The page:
The New York Times had an interesting article this morning about the P.S.M., which, according to sciencemasters.com, is "an innovative, new graduate degree designed to allow students to pursue advanced training in science or mathematics, while simultaneously developing workplace skills highly valued by employers." According to that website, there are now 229 PSM programs and 105 PSM-affiliated institutions.
The NYT explains: "Advocates of the degree say it will become a fixture at many more universities because it promises to satisfy the work force requirements of increasingly technological economies in the United States and abroad." The degree was endorsed by the National Research Council in 2008; see for instance this report (available for free) - the news release is available here. My readers in academia might also be interested in this article from the Chronicle of Higher Education (for subscribers only).
Here is an excerpt of the news release by the NRC, back in 2008: "Master's degrees in many fields of the natural sciences traditionally have been embedded in the path to a doctorate rather than viewed as ends in themselves. But over the past decade, foundations and universities have worked together to develop new master's programs for students seeking professional skills for the global economy. These professional science master's (PSM) programs typically build communication and problem-solving skills along with advanced scientific knowledge, and they often include interdisciplinary training."
Sciencemasters.com also links to articles about the PSM in the Journal of Physics (A new model Master's, June 2010) and BioWorld Today (Successful biotech leaders integrate science, biz skills, October 29, 2010). Some quotes from the article in JoP:
- "This hybrid degree is designed to give would-be scientific managers and laboratory administrators the skills they need to make their mark in hi-tech industry."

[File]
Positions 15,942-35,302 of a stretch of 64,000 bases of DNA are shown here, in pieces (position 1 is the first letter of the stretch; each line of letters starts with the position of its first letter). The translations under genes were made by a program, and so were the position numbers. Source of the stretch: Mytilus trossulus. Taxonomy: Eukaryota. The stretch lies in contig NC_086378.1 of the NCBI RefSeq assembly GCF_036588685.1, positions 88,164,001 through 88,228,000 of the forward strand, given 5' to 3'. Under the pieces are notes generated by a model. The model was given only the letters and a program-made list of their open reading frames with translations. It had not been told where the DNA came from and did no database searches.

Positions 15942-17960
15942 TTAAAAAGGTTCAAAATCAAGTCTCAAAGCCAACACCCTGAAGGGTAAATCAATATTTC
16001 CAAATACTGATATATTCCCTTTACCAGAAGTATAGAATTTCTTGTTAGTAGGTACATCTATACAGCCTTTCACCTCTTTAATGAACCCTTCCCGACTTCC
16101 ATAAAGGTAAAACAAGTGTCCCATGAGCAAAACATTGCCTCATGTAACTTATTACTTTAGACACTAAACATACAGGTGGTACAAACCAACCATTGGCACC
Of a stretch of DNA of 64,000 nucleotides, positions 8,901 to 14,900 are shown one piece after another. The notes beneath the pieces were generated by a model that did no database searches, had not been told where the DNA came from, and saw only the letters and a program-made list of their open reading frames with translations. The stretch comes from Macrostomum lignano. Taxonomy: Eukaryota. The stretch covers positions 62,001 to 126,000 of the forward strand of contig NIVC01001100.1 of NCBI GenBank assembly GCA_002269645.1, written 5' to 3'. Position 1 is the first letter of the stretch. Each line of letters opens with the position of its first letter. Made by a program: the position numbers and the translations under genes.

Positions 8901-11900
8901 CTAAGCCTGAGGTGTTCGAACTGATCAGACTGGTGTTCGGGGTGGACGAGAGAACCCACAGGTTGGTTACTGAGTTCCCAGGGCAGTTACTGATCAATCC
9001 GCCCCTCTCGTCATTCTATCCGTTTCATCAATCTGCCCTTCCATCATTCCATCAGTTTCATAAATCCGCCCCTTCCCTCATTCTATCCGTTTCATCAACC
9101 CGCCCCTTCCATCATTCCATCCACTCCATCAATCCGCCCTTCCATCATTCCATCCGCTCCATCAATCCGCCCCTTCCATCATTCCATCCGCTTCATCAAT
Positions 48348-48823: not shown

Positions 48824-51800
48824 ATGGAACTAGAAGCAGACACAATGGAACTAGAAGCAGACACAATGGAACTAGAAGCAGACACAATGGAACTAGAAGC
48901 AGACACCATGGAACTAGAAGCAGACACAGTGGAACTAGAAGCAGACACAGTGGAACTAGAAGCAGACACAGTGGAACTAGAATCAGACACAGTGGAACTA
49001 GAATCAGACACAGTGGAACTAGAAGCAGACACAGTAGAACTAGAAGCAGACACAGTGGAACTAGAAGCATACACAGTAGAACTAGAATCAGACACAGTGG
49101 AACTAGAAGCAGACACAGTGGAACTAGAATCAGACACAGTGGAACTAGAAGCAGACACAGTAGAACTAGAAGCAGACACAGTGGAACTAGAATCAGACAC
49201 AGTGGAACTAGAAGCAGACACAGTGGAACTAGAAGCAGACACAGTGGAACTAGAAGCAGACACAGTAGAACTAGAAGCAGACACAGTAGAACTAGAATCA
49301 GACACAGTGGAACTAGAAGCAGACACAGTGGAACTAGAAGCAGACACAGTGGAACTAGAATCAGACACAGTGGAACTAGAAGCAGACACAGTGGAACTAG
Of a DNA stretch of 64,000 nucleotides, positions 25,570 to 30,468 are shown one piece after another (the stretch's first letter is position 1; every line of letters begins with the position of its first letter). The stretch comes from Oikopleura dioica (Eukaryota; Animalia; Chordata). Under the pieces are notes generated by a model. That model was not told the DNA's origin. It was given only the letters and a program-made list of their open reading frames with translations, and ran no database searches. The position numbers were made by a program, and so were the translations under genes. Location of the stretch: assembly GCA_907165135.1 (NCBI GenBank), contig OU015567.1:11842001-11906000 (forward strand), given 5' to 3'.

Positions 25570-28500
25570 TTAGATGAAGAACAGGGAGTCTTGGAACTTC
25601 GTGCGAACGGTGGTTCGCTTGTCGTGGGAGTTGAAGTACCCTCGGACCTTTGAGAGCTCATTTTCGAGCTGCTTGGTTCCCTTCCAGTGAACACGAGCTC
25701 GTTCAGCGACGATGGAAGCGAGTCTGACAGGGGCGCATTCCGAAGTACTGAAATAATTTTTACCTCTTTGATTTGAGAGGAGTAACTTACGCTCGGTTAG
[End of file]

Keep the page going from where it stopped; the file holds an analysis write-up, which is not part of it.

- " "Companies love our students because they can 'speak' science, business and innovation," says Ed Caner, director of the Physics Entrepreneurship Program (PEP) at Case Western Reserve University in Ohio, US, which has offered PSM courses since 2000. "We're training jacks of all trades, people who can write a computer program one day and present a business plan to investors the next." "
- "Almost one-fifth of the 281 graduates surveyed said they received starting salaries of $90,000 or more, with a median of $60,000–65,000 per year. Graduates with only a bachelor's degree in physics, in comparison, earn about a fifth less."
I found the article in BioWorld Today to be excellent. Quotes include:
- "While about 70 percent of medical product companies are founded by scientists, it's often difficult for those experts to step out of their comfort zone in the lab... into the world of business."
- "Academic institutions generally work with industry sectors in creating coursework for PSM degrees... Of the 218 PSM programs at 103 US institutions [note: numbers are slightly different from those in the NYT because the article was published earlier], 89 are in the biosciences... many PSM programs are clustered near US biotech hubs."
The rise of PSM degrees is reflected in recent developments at my own institution - Lehigh University - since my department is launching a new Master's (M.Eng.) in Healthcare Systems Engineering, with the first class to enter in the fall of 2011. You can find information about the program here.
The website explains: "This concentrated degree program is designed to prepare graduate students for engineering and management careers in organizations engaged in delivering healthcare and health related products and services." The program combines healthcare systems courses (in quality and process improvement, financial management, information technology) with traditional industrial and systems engineering courses (optimization, simulation, statistics) as well as a capstone project in partnership with industry.
While the healthcare systems program at Lehigh is still in its infancy, it certainly seems to be a good time to launch a Professional Master's degree.